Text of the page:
Skin Sensitization: Strategies for the Assessment and Management of Risk

D.A. Basketter


The British Journal of Dermatology. 2008;159(2):267-273. 

In This Article

Abstract and Introduction


Allergic contact dermatitis (ACD) is to a considerable extent a preventable disease. Limitation can be achieved by correct identification of skin sensitizers, characterization of their potency, understanding human skin exposure and application of good risk assessment/management strategies. Various methods exist which are accurate for the predictive identification of chemicals that possess skin-sensitizing properties. These are enshrined in regulations that aim to provide a harmonized approach to hazard identification. One of the methods, the local lymph node assay, also delivers information on the relative potency of sensitizers. Efforts are continuing in the European Union and at the Organization for Economic Cooperation and Development to use elements of this information for regulatory categorization of skin sensitizers. However, greater use can be made of this potency information in the application of quantitative risk assessments. Such assessments depend also on the availability of accurate data on human skin exposure, one aspect where legislation has little role to play. Management of risks by restriction of skin exposure is, in contrast, a key point where legislation can play an important role, helping to establish a level playing field for industry and setting good standards based on the legislator's ability to access all data. Ultimately, the combination of accurate hazard identification, potency measurement, risk assessment and management, underpinned by enabling legislation, will lead to reduction of ACD. For individuals who do still develop contact allergy, avoidance of ACD should continue to be a goal, based on raising awareness of skin protection, allergen labelling and other skincare strategies.


A proportion of chemicals can behave as electrophiles and can therefore react with skin protein, altering it such that the immune system recognizes it as 'foreign'. This leads to an expansion of cells in the body which recognize the chemical and/or the protein alteration it produces. Subsequent contact with the chemical can then lead to a heightened response in skin, seen as redness, oedema, itching etc. Chemicals which can do this are called skin sensitizers, and where humans are sufficiently exposed they may develop the sensitized state called contact allergy; once they have acquired that state, then further sufficient exposure can lead to the disease allergic contact dermatitis (ACD). This is, of course, an overly simplistic explanation of a complex immunobiology, but it serves both as a basic introduction and an explanation of the definitions that will be used throughout this paper. The mechanism of skin sensitization has been thoroughly reviewed recently both from chemical and from (patho)physiological perspectives.[1,2,3,4]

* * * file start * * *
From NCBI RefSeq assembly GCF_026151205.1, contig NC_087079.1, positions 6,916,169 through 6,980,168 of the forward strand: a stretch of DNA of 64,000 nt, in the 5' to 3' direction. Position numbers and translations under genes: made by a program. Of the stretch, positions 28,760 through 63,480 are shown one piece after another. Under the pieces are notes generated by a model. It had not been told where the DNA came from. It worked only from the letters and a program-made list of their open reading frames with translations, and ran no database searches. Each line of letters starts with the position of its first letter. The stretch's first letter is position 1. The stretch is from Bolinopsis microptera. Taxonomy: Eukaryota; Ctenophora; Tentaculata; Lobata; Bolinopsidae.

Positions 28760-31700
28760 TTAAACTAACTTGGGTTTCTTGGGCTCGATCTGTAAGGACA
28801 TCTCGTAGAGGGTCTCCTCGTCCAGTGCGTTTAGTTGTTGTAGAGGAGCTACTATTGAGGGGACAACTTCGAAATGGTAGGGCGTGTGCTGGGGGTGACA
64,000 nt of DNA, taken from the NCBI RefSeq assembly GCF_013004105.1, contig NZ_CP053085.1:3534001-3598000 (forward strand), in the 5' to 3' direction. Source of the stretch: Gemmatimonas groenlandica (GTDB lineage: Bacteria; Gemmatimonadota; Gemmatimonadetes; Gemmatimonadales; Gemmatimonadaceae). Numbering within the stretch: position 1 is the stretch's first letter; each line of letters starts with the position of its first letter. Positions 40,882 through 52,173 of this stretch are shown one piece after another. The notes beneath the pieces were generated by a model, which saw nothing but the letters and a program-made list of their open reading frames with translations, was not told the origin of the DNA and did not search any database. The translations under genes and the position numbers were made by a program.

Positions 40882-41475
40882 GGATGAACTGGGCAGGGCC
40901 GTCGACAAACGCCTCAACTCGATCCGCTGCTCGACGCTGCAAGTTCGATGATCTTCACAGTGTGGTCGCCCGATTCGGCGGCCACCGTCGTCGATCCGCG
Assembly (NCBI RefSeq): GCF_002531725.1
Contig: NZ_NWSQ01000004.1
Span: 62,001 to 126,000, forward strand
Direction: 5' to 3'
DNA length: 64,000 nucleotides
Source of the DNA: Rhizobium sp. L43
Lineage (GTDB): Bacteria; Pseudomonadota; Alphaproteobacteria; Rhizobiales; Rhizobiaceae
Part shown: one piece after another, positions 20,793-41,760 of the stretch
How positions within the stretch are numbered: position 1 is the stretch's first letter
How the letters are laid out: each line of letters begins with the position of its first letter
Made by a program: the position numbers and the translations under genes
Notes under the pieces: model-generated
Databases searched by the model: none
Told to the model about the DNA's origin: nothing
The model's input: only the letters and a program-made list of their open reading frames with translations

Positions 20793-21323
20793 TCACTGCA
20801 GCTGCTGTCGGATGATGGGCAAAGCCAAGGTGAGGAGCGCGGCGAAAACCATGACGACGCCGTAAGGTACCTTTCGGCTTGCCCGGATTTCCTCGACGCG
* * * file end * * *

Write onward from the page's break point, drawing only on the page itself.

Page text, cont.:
The primary questions/challenges relating to skin sensitizers and human health protection are these: how can skin-sensitizing chemicals be identified (hazard identification)? How can identified skin sensitizers be ranked in terms of potency (hazard characterization)? How can characterized skin sensitizers be assessed in terms of risk to human health (risk assessment)? How can the risks to human health presented by skin sensitizers be managed (risk management)?

It is recognized that the terms above in parentheses may not correlate exactly with the definitions of the terms used by others and/or in other areas of (eco)toxicology, but they do work well for skin sensitization.

In this paper, the approaches to hazard identification will be reviewed, but with focus on the most modern and European Union (EU) preferred method, particularly in the newest legislation, the murine local lymph node assay (LLNA). Emphasis will then be placed on how an identified skin-sensitizing chemical can be characterized and the risk to human health assessed and managed. This will include a critical discussion of the value and limitations of regulation as it exists currently in the EU. The challenges presented by the drive towards elimination of animal testing are also considered.


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